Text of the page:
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inverse Matrix problem, Newton's method
From: |
mecht |
Subject: |
inverse Matrix problem, Newton's method |
Date: |
Sat, 10 Nov 2018 14:35:59 -0600 (CST) |
I'm writing some Octave code to solve a finite element-like problem using the
Newton's method.
My Jacobian matrix looks like this (spy(J)):
<img src="https://preview.ibb.co/hknY5A/spy.jpg"; alt="spy" border="0" />
<https://ibb.co/fCC0kA>
Diagonal elements are negative sums of other elements in a row.
My problem is that i can not produce any result due to false(?) matrix
singularity. I tried left-hand matrix division, LU method, inv(A) but Octave
warns about matrix singularity due to machine precision.
Octave returns 0 or extremely low value (like 1.0E-100) when asked for
det(A)
At first glance, i thought the reason is that if I multiply large amount
diagonal values of 1.0E-1 order the product falls under machine precision.
BUT
I tried my code with minimal number of finite elements 2x2x2, which gives
Jacobian on 8x8 size, and the result was not that low.
Result example:
11.20161 -12.53016 0.00000 0.00000 1.32856 0.00000 0.00000
0.00000
-12.53016 8.54449 0.00000 0.00000 0.00000 3.98567
0.00000 0.00000
0.00000 0.00000 -13.85872 12.53016 0.00000 0.00000
1.32856 0.00000
0.00000 0.00000 12.53016 -16.51584 0.00000 0.00000
0.00000 3.98567
1.32856 0.00000 0.00000 0.00000 -13.85872 12.53016
0.00000 0.00000
0.00000 3.98567 0.00000 0.00000 12.53016 -16.51584
0.00000 0.00000
0.00000 0.00000 1.32856 0.00000 0.00000 0.00000
-13.85872 12.53016
0.00000 0.00000 0.00000 3.98567 0.00000 0.00000
12.53016 -16.51584
Octave says, that det(J):
ans = 0
circshifted diagonals (for positive term of Sarrus' scheme, negative term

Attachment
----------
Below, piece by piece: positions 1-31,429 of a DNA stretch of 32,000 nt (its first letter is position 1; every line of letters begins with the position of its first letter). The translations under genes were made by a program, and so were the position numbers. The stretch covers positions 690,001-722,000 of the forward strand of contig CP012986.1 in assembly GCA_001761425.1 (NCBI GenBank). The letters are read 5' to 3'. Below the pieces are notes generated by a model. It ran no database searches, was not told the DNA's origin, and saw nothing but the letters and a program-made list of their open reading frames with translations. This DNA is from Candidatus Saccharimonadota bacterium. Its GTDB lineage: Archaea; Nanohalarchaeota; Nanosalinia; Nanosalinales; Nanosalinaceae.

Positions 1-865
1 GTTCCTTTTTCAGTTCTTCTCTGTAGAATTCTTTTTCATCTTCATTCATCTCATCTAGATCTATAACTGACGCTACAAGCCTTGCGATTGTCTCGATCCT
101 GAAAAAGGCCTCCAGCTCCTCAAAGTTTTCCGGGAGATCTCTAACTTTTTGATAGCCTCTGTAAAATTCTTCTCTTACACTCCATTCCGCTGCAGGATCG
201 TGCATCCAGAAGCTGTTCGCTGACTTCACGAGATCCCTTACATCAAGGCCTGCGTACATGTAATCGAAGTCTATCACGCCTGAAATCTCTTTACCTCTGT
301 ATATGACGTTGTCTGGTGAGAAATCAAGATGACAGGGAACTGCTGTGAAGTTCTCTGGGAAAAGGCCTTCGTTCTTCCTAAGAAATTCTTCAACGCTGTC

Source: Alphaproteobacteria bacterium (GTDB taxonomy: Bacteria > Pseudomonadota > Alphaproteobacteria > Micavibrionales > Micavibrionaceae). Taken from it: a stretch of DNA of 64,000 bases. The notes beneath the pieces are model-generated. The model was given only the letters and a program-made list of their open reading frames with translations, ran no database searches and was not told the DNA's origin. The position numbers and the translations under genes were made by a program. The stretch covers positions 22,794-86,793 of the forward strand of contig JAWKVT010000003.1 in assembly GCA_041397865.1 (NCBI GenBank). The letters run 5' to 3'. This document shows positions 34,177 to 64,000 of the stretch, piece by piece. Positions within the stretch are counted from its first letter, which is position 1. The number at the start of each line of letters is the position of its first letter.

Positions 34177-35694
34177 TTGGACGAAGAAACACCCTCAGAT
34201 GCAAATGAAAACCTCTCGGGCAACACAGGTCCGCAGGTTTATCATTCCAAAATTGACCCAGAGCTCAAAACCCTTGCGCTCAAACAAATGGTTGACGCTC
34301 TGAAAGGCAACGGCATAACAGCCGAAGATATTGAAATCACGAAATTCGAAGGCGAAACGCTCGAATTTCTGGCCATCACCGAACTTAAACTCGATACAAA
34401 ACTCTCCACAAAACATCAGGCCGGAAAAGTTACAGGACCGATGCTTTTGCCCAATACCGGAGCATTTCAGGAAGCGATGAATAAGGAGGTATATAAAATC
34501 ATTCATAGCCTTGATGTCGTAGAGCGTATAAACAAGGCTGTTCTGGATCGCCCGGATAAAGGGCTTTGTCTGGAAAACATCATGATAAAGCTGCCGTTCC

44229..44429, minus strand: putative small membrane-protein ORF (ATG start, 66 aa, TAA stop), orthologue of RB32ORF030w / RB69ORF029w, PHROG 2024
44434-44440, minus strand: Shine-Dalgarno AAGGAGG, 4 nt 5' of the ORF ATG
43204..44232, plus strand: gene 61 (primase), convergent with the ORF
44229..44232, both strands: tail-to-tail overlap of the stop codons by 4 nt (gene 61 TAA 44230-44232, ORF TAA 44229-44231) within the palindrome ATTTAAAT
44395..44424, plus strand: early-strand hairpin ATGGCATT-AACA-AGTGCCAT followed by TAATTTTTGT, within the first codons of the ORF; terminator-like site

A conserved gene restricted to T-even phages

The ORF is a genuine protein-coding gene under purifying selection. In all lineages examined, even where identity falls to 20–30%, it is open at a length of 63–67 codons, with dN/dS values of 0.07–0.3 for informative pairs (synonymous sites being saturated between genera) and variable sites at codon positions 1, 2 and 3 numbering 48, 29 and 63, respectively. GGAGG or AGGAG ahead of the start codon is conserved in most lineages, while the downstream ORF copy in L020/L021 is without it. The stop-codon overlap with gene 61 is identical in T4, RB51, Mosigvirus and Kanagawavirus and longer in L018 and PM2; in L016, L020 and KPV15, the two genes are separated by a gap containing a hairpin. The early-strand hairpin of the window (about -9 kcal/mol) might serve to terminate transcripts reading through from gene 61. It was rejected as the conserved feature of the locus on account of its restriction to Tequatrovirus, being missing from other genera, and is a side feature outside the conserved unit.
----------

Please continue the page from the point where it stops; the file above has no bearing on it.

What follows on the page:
looks to be 0):
11.2016 8.5445 -13.8587 -16.5158 -13.8587 -16.5158 -13.8587
-16.5158
0.00000 -12.53016 0.00000 12.53016 0.00000 12.53016
0.00000 12.53016
0 0 0 0 0 0 0 0
0 0 0 0 0 0 0 0
1.3286 3.9857 1.3286 3.9857 1.3286 3.9857 1.3286 3.9857
0 0 0 0 0 0 0 0
0 0 0 0 0 0 0 0
-12.53016 0.00000 12.53016 0.00000 12.53016 0.00000
12.53016 0.00000
And prod(x) of each diagonal:
1.1477e+09 -0.0000e+00 0.0000e+00 0.0000e+00 7.8619e+02
0.0000e+00 0.0000e+00 -0.0000e+00
>>
Obviously my determinant in this case should be on the order of 1.0E+9
then. Why does this happens?
I'm not experienced much in FEM or CFD code in Octave, but i really wanted
to recreate some simulation from certain publication. How to solve huge set
of equations then? Maybe i'm missing something on maths level here? Do
people even inverse matrices in their finite elements codes then? It is easy
to get
+-Inf or 0 diagonal product if your matrix is large enough. Can (or should)
I increase the precision of computations somehow?
--
Sent from: http://octave.1599824.n4.nabble.com/Octave-General-f1599825.html
- inverse Matrix problem, Newton's method,
mecht <=